Warning

 

Close

Confirm Action

Are you sure you wish to do this?

Confirm Cancel
Member Login
Posted: 3/1/2006 9:31:51 AM EDT
I am writing an application in Asp.Net and I need to decide on a back-end technology. This will be something I am out of pocket on, and although I own Windows Server 2003 (which gives me IIS/.NET and Share Point services which I need), I am not so enthusiastic about SQL Server's price tag ($6,000 per proc).

The application will be web based, and will contain a workflow engine and a document control engine (with full audit trail and versioning).

The three questions I have are:

1. Are SQL Server's XML features worth it, considering I am using XML heavily in my application? I know that I need to see just exactly what is offered in this realm, but if anyone has a thumbs up/down I'd love to hear it.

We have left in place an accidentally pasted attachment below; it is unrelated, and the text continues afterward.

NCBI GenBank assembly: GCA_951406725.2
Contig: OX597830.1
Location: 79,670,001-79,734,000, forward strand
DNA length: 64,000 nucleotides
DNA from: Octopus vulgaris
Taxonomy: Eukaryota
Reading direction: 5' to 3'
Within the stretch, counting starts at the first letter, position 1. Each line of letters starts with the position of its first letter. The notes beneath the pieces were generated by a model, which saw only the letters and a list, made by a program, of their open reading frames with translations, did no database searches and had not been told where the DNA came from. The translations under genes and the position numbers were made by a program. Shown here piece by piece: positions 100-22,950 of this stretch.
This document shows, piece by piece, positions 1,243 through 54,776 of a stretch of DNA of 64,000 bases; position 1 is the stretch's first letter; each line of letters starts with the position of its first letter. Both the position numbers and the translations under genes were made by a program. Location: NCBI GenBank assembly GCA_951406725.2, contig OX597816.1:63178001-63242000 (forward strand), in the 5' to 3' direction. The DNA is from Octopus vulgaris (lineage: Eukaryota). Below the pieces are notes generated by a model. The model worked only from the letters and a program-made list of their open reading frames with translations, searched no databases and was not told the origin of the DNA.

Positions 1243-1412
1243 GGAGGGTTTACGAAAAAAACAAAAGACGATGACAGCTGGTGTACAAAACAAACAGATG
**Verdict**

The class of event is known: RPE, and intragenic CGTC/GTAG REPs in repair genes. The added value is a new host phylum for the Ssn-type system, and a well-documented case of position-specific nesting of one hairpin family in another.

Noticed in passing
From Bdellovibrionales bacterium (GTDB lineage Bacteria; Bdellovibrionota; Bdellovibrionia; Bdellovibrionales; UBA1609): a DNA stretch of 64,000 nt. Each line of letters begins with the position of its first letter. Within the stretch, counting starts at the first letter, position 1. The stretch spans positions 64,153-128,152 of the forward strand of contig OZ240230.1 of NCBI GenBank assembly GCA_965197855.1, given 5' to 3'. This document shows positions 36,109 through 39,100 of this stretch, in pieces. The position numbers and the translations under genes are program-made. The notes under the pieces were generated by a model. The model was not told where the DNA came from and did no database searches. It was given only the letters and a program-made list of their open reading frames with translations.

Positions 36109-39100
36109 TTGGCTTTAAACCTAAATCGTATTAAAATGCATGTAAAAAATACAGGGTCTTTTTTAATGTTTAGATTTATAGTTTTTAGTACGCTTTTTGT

2. Are there any other features of SQL Server that make it an obvious choice?
3. Will a connection to a non-MS server create the need for a bunch of manual coding rather than the nifty way you can just drop a datagrid control (for example) on a page and have it "just work"?

I have looked at Ruby on Rails, Zope, etc., but have decided that the business logic will indeed be in .NET.


Link Posted: 3/1/2006 8:58:12 PM EDT
While I generally try to use products like MySql and PHP for what I do, based on what you've said, it sounds like the MS product is the best path - then again, I am not a DBA, rather a SysAdmin.

I've seen some insane apps using .net run on MS servers with the SQL backend. Most of the developers that I support swear by it.
Link Posted: 3/2/2006 2:25:56 AM EDT
you got IM
Link Posted: 3/2/2006 6:15:04 PM EDT
Thanks for the heads up, "theDave1164".

Looks like the framework and SQL Server are so intertwined that you lose much functionality when you use a different database.

No worries though - my biggest grip was my own license, and I was going to get an MSDN subscription until you told me about the action pack.

At the price this software will sell at, the clients won't care about the $6,000 SQL server license anyway.
Top Top